- 57% say they pay too much in federal income taxes
- Highest percentage since the 2001 tax cut
- 47% say their taxes are unfair, highest since 1999
WASHINGTON, D.C. -- As the deadline looms for filing federal income taxes, 57% of Americans say they are paying too much in taxes -- a six-percentage-point increase from last year and the highest percentage in 15 years.
The results, from an April 6-10 Gallup poll, mark the first time since a major tax cut was enacted during the Bush administration in 2001 that more than 53% of Americans have said their taxes are too high. In three years during that time (2003, 2009 and 2012), Americans were more likely to say they were paying the right amount than to say they were paying too much. This is something that had not occurred in the 28 times Gallup asked the question from 1956 to 2001.
Partisan Gap Widens as More Republicans Say They Pay Too Much
The partisan gap in views of the fairness of taxes widened this year, as the percentage of Republicans saying they pay too much increased 10 points, to 73%, while the percentage of Democrats increased only three points, to 44%.
The changes among age groups went against the grain of typical views on political issues. Though those under 30 typically move in tandem with Democrats and those 65 and older with Republicans, the opposite is happening with views on taxes. In 2015, a minority of those under 30 (38%) thought that they were paying too much -- the lowest of all age groups -- but now a majority in this age group (55%) feel that way. Meanwhile, those 65 and older went from 46% saying they were paying too much last year to 39% saying the same now.
This year also saw a closing of the gender gap on the issue. Forty-seven percent of women last year said they paid too much, nine points less than men (56%) who said the same. But while men stayed about the same this year (55%), the percentage of women who think they pay too much jumped 11 points to 58%.
Fewer Feel Their Tax Bill Is Fair
A separate question included in the April survey asks Americans to say if the amount they are paying in taxes is fair or unfair. This year, the 47% who say their tax bill is unfair is the highest Gallup has measured since 1999, when 49% felt that way. This year's figure is a seven-point increase from last year's 40% and a 13-point increase from 10 years ago.
Americans clearly have grown unhappier about their taxes in the past year, and the presidential candidates' various proclamations about tax fairness may be a major factor. The candidate who has made the most news with his tax plans is Bernie Sanders, an independent running as a Democrat. Sanders has charged that the current system gives huge breaks to the rich at the expense of everyone else. His Democratic opponent, Hillary Clinton, agrees that the rich pay too little in taxes, though her proposed solutions are not as far-reaching. On the Republican side, both Ted Cruz and Donald Trump have complained about the unfairness of the current system and have called for tax cuts.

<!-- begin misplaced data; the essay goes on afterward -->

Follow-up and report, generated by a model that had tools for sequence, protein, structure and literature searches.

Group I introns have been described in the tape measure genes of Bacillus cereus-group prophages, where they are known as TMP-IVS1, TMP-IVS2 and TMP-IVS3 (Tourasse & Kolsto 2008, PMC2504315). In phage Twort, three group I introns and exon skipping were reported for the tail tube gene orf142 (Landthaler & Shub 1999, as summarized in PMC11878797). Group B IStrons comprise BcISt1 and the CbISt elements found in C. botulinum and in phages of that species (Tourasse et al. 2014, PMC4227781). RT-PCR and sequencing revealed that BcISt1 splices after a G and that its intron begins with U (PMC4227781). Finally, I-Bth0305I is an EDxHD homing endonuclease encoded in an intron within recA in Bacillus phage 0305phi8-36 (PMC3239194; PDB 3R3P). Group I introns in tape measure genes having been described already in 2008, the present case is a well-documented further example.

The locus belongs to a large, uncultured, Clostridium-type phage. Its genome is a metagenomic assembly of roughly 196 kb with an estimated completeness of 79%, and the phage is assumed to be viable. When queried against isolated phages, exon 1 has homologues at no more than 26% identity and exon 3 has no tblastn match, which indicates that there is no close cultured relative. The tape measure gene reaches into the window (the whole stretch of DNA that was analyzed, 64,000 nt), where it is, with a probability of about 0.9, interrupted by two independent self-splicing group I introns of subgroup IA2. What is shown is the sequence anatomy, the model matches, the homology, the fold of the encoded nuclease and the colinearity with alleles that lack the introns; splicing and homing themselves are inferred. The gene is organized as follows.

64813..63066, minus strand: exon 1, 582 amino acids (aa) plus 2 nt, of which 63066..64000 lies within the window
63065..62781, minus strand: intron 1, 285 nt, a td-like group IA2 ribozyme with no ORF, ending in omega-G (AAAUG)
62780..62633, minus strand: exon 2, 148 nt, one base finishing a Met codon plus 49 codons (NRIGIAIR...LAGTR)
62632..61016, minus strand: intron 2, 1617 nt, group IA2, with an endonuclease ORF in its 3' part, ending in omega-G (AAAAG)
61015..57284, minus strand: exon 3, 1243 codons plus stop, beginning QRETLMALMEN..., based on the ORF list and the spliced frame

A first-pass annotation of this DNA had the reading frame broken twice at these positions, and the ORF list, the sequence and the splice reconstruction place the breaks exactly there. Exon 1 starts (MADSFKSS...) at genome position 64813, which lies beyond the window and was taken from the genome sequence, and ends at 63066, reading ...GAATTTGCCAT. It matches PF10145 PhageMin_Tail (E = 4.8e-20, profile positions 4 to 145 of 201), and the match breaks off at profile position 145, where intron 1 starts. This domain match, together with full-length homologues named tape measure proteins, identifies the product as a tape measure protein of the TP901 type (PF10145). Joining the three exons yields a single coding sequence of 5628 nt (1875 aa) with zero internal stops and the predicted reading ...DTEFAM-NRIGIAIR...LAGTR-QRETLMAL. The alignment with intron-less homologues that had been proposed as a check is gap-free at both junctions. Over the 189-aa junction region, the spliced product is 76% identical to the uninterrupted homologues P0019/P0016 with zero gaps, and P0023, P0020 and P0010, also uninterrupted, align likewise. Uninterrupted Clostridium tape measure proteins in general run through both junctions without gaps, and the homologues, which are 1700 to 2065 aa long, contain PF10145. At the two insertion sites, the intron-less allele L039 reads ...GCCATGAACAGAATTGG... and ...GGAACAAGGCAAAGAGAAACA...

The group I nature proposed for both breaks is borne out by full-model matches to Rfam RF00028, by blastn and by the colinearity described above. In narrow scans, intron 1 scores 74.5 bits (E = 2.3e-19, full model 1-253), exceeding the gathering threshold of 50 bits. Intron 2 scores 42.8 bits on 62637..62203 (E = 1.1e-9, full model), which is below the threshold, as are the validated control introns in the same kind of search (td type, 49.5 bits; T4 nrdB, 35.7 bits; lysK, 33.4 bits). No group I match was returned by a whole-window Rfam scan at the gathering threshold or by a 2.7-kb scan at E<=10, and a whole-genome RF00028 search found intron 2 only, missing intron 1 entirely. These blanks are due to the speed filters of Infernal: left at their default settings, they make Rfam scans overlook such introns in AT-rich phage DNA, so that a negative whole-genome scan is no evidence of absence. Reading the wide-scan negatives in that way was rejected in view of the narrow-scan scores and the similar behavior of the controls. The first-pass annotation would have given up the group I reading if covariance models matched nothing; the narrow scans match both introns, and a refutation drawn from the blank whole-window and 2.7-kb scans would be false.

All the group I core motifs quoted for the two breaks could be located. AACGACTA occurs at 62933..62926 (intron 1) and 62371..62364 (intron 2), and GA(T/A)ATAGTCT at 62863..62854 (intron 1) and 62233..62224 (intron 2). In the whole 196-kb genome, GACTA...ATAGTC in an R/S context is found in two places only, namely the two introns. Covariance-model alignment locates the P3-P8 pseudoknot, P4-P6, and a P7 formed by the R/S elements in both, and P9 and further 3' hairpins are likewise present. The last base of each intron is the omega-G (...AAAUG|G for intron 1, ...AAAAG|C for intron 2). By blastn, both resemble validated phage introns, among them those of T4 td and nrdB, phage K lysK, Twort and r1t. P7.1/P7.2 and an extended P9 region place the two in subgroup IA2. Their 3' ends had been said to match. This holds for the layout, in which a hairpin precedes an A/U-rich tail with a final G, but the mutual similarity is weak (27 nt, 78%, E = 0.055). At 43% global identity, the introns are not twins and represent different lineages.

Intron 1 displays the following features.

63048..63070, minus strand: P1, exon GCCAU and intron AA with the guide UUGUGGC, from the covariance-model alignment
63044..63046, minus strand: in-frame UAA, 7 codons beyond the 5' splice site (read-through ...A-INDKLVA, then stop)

In looking at this year's increase in the number of people who think they pay the federal government too much in income taxes, it's important to remember that it comes after a period of historically low unhappiness with tax payments. The 57% who this year say they pay too much is only one point higher than the 56% average for the 43 times Gallup has asked the question.
The change in views on tax payments, and the fact that they align so closely with the historic average, raises the question of whether this year's results are simply an adjustment back toward attitudes of the past. The political season ahead should provide some answers as, almost certainly, the Republican nominee will push for tax cuts while the Democratic nominee will emphasize the unfairness of the current tax laws and call for tax hikes for the rich.
Results for this Gallup poll are based on telephone interviews conducted April 6-10, 2016, with a random sample of 1,015 adults, aged 18 and older, living in all 50 U.S. states and the District of Columbia. For results based on the total sample of national adults, the margin of sampling error is ±4 percentage points at the 95% confidence level.
Each sample of national adults includes a minimum quota of 60% cellphone respondents and 40% landline respondents, with additional minimum quotas by time zone within region. Landline and cellular telephone numbers are selected using random-digit-dial methods.
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